The Court of Appeals for the Armed Forces (CAAF) recently decided upon the Air Force case of U.S. v. Meakin, in which the defendant was convicted of “conduct unbecoming an officer and a gentleman” — as described in UCMJ Article 133 — carried out through online interactions. He had been sentenced to extensive confinement, total forfeitures, and dismissal for his online actions, which included allegedly obscene communications with an undercover member of law enforcement. Meakin attempted to appeal the conviction by citing his First Amendment right to free speech, but the CAAF held the right did not apply to “obscene speech.”

In specific, the CAAF reached all the way back to Medieval Europe to cite that a member of the Air Force must always act as a knight “in the days of knighthood” would behave. Since the charge only accused him of being “obscene” and ungentlemanly but did not attempt to infringe on his right to act that way, if he so chose to risk the consequences, the conviction was affirmed and the First Amendment was deemed intact.


Lieutenant Colonel Meakin pleaded not guilty to the charges of conduct unbecoming an officer and gentleman in his court-martial. The charges originated from online communications he orchestrated that spoke of sexually assaulting a child being one of his desires, although he did not say if he had ever any intent of acting upon it. He did, however, admit to viewing child pornography in a separate court-martial for that charge alone.

In his defense against the obscene behavior accusations, Meakin claimed he should have been protected from the violations of Article 133 under the First Amendment due to the private nature of his online conversations. He used the same argument to appeal the case to both the Air Force Court of Criminal Appeals (CCA) and the CAAF, where it was unanimously rejected on both fronts.

Within the written opinion from the CAAF, Judge Ryan claimed the First Amendment was not meant to protect speech with criminal origins or intent. Since the obscenity he spoke about involved child sex abuse, the Court did not find any reason to protect it under the First Amendment. Meakin also tried to argue that speaking anonymously on the internet to strangers was akin to talking privately in his own home. The CAAF shut down the argument, noting that the internet is infinitely open, even when someone speak anonymously, and bears no resemblance to the privacy of one’s own home.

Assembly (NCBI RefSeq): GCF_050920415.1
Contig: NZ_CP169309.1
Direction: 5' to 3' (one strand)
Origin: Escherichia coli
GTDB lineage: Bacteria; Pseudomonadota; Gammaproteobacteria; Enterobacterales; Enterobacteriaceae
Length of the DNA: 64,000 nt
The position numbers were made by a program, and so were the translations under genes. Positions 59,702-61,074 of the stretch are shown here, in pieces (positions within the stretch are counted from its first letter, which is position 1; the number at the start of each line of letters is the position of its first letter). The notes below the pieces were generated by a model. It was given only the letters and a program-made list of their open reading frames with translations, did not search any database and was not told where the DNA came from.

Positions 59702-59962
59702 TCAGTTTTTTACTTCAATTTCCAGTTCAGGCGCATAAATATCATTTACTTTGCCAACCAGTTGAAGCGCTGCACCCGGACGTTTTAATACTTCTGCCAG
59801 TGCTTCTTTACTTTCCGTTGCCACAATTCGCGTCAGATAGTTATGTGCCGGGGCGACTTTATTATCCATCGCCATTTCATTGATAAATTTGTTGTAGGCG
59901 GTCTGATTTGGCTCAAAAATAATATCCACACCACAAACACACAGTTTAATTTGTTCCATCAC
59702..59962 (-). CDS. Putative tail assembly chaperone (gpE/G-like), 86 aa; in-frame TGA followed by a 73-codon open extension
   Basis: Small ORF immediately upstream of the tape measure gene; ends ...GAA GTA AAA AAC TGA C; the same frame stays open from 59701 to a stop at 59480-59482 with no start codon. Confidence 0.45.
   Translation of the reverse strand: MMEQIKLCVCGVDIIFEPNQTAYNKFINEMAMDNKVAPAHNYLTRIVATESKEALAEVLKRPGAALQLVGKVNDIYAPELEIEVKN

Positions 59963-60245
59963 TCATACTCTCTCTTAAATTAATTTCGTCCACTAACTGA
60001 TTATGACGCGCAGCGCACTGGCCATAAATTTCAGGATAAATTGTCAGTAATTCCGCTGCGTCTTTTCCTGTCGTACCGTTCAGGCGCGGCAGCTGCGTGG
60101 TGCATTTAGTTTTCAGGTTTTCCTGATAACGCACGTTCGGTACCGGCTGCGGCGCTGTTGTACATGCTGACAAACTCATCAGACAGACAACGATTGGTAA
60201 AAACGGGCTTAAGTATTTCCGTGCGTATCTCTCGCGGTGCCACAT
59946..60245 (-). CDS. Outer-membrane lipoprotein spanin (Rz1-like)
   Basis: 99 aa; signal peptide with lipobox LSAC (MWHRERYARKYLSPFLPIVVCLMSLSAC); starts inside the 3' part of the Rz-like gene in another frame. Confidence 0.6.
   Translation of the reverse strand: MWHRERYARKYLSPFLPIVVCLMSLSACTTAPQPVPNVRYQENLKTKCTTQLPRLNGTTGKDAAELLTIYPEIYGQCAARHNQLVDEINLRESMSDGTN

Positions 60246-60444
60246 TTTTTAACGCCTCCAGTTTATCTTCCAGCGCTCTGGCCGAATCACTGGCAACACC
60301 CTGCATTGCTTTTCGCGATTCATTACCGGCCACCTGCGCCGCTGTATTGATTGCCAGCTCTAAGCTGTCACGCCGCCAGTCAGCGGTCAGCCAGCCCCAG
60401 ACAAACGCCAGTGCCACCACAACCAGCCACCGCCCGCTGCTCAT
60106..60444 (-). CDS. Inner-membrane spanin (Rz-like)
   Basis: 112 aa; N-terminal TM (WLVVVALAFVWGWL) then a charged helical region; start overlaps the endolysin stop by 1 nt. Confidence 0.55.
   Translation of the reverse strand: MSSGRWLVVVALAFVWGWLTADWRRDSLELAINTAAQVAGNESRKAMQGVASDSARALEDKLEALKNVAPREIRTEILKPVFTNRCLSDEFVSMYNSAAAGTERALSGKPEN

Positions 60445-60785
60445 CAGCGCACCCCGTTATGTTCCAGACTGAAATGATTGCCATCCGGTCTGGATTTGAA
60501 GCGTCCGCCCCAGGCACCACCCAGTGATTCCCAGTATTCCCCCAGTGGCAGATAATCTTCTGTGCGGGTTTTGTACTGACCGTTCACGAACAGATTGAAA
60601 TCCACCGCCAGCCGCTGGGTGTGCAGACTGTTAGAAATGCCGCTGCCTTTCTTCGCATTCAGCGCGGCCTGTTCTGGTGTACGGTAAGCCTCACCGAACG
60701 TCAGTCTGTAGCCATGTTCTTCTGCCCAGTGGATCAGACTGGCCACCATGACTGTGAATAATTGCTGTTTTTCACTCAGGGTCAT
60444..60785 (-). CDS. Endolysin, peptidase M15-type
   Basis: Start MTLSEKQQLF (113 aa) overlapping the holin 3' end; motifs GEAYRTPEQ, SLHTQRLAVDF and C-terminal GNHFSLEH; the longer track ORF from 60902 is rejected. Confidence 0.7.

Meakin also pointed to Lawrence v. Texas for defense, in which it was held that two people have “the right to form meaningful, personal bonds that find expression in sexual intimacy.” The CAAF rejected that defense as well, saying an online conversation with strangers is not comparable to such an intimate bond shared with someone close. Lastly, he tried to defend himself by saying he did not know his behavior could impact his status in the Air Force, nor did he think his behavior had any correlation to his duties. To reject this argument, the CAAF opinion once again noted that the First Amendment did not shield his obscene speech as it was defined and judged under Article 133, and so his knowledge of its consequences was unimportant.


The key takeaway any U.S. service member can get from U.S. v. Meakin is to always be mindful of what you are saying and to whom. Article 133 violations can be used to pin charges and convictions on you, even for words exchanged anonymously and in what you perceive to be a private situation, given that the conversation describes an obscene or criminal situation. This is a similar legal construct that can occur in civil criminal justice systems, such as how it may be seen as illegal to talk on end about realistic plans to carry out a criminal act.

If you need to protect your rights and military career from Article 133 violation accusations, you can turn to Attorney Joseph L. Jordan. As a former prosecutor turned military criminal defense lawyer, Joseph Jordan has a unique perspective into how military criminal defense cases and court-martial are handled by the opposition. Thanks to his insight, he has secured numerous victories for Airmen, Soldiers, Sailors, Coast Guardsmen, and Marines who have been stationed in bases the world over. In fact, in the last 7 years, he has personally represented more than 250 clients, and he has taken more than 130 cases to verdict.

Get an experienced defender like Attorney Joseph Jordan on your side right away. Call (866) 624-7503to begin.